• How to crack a self-service terminal and why 80% of them are under threat

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    Author of the original post in Russian: frsamara

    I always loved playing with things and testing them under all sorts of wacky conditions as a kid and even considered getting a job as a tester, but I never did. Nevertheless, I still like taking things made by someone else and poking them for vulnerabilities.

    I remember, when first self-service payment terminals started popping around town, I saw one of them put up a browser window while updating, and the game was on — I broke it almost immediately. There’s been a lot of discussion about it since then and developers have started to pay a lot more attention towards security in these machines.

    Recently, fast-food joints have started installing these terminals. Obviously, it’s quite convenient: just tap a couple of virtual buttons, place an order, pay with a bank card and wait for your number to show on the screen.

    Also, nearly every big mall has these interactive boards with floor plans and information on various sales and discounts.

    How secure are they?
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  • 286 and the network

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    Author of the original post in Russian: old_gamer

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    I'm a ragman. I have a closet full of old hardware. From Boolean logic microchips in DIP-cases to Voodoo5. Of course, there's no practical value in all of this, but some people enjoy messing with old hardware. If you are one of them, I invite you under the cut, where I will tell you how the computer based on AMD 286 processor worked with a modern network, and what came out of it.
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  • The hard-to-catch bug in LittleBigPlanet

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    Author of the original post in Russian: HotWaterMusic

    The history of the world's gamedev knows quite a few curious bugs that had to be tackled by developers. In fact, judging from the story that Media Molecule's CTO Alex Evans shared on his Twitter page this past weekend, many legends are still waiting to be heard. Evans is famous for his part in a demoscene performance of late 1990s and his work on the LittleBigPlanet game series and on Rag Doll Kung Fu.

    The case I am referring to in this article took place ten years ago, in 2008. While working on the first part of LittleBigPlanet — an original puzzle platform video game that was to be released exclusively for PlayStation 3 — the company's developers came across a really hard-to-catch bug.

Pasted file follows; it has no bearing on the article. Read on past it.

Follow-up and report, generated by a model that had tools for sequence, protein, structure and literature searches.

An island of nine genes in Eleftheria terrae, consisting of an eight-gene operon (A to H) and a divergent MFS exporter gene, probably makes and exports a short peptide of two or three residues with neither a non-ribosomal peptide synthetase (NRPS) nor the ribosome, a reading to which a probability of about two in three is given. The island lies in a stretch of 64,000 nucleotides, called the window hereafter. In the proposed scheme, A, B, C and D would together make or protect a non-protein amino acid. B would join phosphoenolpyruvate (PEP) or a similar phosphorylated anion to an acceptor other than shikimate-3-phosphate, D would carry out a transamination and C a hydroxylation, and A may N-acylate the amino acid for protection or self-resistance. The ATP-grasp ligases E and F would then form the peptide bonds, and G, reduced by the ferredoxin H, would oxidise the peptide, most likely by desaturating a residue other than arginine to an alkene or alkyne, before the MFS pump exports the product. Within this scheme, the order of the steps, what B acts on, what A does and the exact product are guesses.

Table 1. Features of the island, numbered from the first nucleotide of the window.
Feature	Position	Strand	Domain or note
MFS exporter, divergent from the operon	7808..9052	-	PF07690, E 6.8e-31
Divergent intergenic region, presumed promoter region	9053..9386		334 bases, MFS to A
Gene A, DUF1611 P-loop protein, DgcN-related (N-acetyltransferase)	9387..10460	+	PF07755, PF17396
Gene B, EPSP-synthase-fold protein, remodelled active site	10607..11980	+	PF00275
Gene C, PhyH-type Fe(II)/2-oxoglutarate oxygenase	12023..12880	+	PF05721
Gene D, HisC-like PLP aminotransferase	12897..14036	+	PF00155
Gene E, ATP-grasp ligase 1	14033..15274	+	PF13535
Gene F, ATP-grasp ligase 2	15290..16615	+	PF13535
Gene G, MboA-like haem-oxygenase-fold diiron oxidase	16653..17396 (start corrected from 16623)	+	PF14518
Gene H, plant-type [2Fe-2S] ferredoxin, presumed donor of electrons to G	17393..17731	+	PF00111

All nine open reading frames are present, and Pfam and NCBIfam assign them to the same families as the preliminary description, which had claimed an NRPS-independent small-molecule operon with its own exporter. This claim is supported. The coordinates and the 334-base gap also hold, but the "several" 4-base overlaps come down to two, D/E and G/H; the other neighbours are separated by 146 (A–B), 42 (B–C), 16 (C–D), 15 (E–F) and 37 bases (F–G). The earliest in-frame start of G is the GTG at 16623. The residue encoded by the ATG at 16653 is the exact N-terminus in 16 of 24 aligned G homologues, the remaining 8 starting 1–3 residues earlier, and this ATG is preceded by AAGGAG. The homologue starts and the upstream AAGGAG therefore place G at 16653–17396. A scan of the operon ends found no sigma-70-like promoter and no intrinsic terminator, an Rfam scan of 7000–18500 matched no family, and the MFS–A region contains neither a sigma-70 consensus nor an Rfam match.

Normally, for a game to get the green light to be released for consoles, it needs to pass a certification process, i.e. meet a set of requirements predefined by the platform owner. The certification may also include more specific requirements, such as the game running smoothly without crashing for 24 hours.

    The development of LittleBigPlanet was at its last stage, with just two weeks to final deployment and distribution. Suddenly a tester from the company's QA in Japan reported that the game was consistently crashing when left overnight. Now the release was evidently out of question unless the bug was fixed.
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  • Developing A Basic Darts Scoreboard App

      Darts is one of the most popular games in the world. It’s a good way to challenge your friends and family members, putting your accuracy to the test. However, keeping score can be a challenge. People often needed to rely on pen and paper, tallying up the score by hand. Thankfully, modern technology can help solve this challenge. An app makes calculating the winner easy, giving you more time to focus on the game.

      If you’re planning on designing one of these apps, there are a few steps that you’ll need to follow.

      Set-Up Players


      The first thing that you need to decide is who will be playing the game. This will require the player to enter the input. If more than one person is playing, they will need to enter their names. This will allow the app to keep the scores separate.
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    • List of Software Used for Embroidery Digitizing

        Embroidery can be a great way to personalize your clothing. You can add your name or the logo of your business. To make the process easier, many embroidery machines work with computer software. This allows you to create the design, then transfer it to the embroidery machine. By doing this, you’ll be able to automate the process. This will reduce the time it takes to produce beautiful designs.
        Because of these benefits, there is a range of software options for you to choose from. This gives you a lot of choices to consider when picking what you want to use. But it can make finding the right one more challenging. Let’s look at some of the best software options to consider.

        Hatch


        If you’re looking for a leading type of software, you can try Hatch. This is based on three decades of experience. It also has a lot of innovative features that make it easy to use. First, it automatically assigns things like stitch length and placement, to suit the design you create. It also has an automatic branching function, so you’ll be able to sew continuously, rather than in stops and starts.
        This software also comes with a lot of tools that are designed to make it easy for you to transform the design onto the computer. For example, you’ll be able to put a hand-drawn sketch into the software. You can also download one of the many existing designs. By doing this, it will be easy for you to create innovative embroidery designs. There are multiple levels, so you’ll only need to pay for the features that you find the most useful.
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